The ratification of the Escazu Agreement, a regional environmental treaty among Latin American and Caribbean nations, has been an important issue over the last few years. The treaty seeks to allow public access to information, promote citizen participation in environmental governance and provide access to environmental justice. It includes the world’s first binding provision to protect the human rights of environmental defenders. While Costa Rica signed the agreement back in 2018, the National Assembly has failed to ratify it.

Villalta has been a champion of the Escazu Agreement in the National Assembly and is the only one to mention the treaty in his government plan. The Broad Front platform puts human rights at the center of its governing philosophy.

Rodrigo Chaves has criticized the Agreement, claiming it “does not add anything positive” in the January 18 debate. Chaves says the agreement is part of the internationalist agenda that runs counter to the interests of Costa Ricans.   

Fabricio Alvarado has also opposed the agreement, citing his support for the private sector, which has often been at odds with the treaty. The representatives of his New Republic Party unanimously opposed its ratification in the National Assembly. 

Saborio, too, opposed the ratification of the Escazu Agreement in a consultation done by Noticias Monumental.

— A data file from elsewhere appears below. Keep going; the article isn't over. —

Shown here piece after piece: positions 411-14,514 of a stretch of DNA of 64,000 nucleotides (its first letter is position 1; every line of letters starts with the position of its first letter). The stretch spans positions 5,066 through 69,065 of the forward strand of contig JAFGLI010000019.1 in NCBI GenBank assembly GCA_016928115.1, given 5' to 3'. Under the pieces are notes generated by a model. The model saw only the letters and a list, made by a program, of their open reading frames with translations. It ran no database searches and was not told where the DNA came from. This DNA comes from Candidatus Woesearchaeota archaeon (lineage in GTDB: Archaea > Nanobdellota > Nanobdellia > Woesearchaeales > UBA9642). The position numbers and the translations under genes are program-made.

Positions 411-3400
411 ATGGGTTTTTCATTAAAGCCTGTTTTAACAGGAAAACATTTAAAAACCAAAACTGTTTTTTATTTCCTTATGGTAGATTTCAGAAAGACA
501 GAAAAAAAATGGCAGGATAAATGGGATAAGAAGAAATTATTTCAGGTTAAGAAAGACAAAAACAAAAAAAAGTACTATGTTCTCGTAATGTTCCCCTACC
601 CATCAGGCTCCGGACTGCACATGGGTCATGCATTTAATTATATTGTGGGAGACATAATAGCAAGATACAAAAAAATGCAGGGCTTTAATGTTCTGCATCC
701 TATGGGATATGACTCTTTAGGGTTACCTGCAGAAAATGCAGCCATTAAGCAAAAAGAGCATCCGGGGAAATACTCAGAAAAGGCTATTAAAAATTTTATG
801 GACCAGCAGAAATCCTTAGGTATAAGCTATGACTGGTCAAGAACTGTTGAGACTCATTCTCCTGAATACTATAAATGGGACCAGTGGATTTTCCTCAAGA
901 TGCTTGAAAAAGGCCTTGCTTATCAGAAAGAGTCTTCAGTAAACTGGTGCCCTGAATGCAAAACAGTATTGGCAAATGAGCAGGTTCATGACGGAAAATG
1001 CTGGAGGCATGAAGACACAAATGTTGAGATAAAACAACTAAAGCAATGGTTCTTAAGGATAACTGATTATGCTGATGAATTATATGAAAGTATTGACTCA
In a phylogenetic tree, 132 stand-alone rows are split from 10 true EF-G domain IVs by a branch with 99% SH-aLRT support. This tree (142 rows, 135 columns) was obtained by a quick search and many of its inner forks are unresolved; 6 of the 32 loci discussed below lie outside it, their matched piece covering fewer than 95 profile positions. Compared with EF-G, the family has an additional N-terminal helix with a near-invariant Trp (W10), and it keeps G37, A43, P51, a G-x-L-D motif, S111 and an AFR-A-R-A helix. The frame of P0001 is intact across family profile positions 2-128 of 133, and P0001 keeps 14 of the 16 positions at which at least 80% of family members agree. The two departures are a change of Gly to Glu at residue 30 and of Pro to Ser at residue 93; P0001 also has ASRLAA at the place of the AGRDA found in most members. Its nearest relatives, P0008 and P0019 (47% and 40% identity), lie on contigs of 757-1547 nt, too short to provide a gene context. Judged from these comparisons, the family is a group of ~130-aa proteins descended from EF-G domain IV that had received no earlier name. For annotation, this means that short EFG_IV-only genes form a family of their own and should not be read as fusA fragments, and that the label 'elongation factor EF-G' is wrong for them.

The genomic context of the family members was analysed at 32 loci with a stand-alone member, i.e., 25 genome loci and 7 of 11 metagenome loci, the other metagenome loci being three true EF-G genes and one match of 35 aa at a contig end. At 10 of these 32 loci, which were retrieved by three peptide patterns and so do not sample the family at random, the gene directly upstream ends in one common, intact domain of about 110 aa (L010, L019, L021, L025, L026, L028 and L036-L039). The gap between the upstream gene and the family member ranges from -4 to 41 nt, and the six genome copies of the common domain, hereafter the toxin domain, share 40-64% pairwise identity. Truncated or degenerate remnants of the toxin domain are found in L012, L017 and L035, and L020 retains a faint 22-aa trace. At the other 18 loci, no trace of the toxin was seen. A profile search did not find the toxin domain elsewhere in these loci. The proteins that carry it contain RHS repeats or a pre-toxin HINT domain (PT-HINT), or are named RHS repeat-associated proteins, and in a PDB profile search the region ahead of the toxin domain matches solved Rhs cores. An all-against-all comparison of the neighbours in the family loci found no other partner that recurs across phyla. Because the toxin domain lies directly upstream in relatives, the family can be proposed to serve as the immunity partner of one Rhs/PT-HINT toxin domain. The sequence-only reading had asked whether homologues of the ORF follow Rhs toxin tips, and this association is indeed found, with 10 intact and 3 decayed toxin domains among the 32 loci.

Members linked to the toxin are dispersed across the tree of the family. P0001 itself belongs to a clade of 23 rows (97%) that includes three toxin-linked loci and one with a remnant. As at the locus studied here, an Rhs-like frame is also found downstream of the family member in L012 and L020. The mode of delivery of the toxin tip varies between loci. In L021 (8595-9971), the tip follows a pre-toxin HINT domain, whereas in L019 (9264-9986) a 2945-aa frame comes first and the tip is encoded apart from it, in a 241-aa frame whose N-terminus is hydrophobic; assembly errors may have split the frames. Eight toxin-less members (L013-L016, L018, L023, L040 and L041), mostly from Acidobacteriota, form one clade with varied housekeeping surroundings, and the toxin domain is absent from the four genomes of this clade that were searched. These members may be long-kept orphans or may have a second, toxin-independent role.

While Figueres has struck a softer tone on the matter, he has indicated it is not worth the effort needed to ratify it


Trawl fishing has been a contentious issue during the last two administrations. Luis Guillermo Solis, who presided over Costa Rica from 2014 to 2018, introduced a Bill for the Development and Sustainable Exploitation of Shrimp in Costa Rica, which would have reinstated trawling licenses. Guillermo Solis eventually withdrew his proposed legislation following a massive public backlash. 

More recently, the current National Assembly approved a bill that would permit trawling but was subsequently vetoed by President Alvarado. The veto was upheld by the Assembly.

Only a handful of the 25 candidates openly support trawling and none of the five frontrunners are unequivocally in favor of permitting.

While Saborio has been less than definitive on the trawling debate, the majority of her party voted to approve permitting in the National Assembly.

Villalta, the sole representative of the Broad Front party in the National Assembly, opposed the legislation. Figueres is against trawling, although his party was split over the recent legislation in the Assembly. His government plan highlights the need to support small- and medium-scale fisheries.

Chaves was noncommittal when asked in an interview with La Republica:

“We cannot say if this is a go or a no-go, because we do not have studies. It is irresponsible, as in the case of the train, to make decisions with mediocre information.”

While the New Republic Party plan addresses Costa Rica’s fisheries at length and reiterates its support for small- and medium-scale fisheries, it fails to directly address the issue of trawling.

Note: La Ruta del Clima does not endorse any political party. However, it calls for the informed participation of citizens in electoral processes.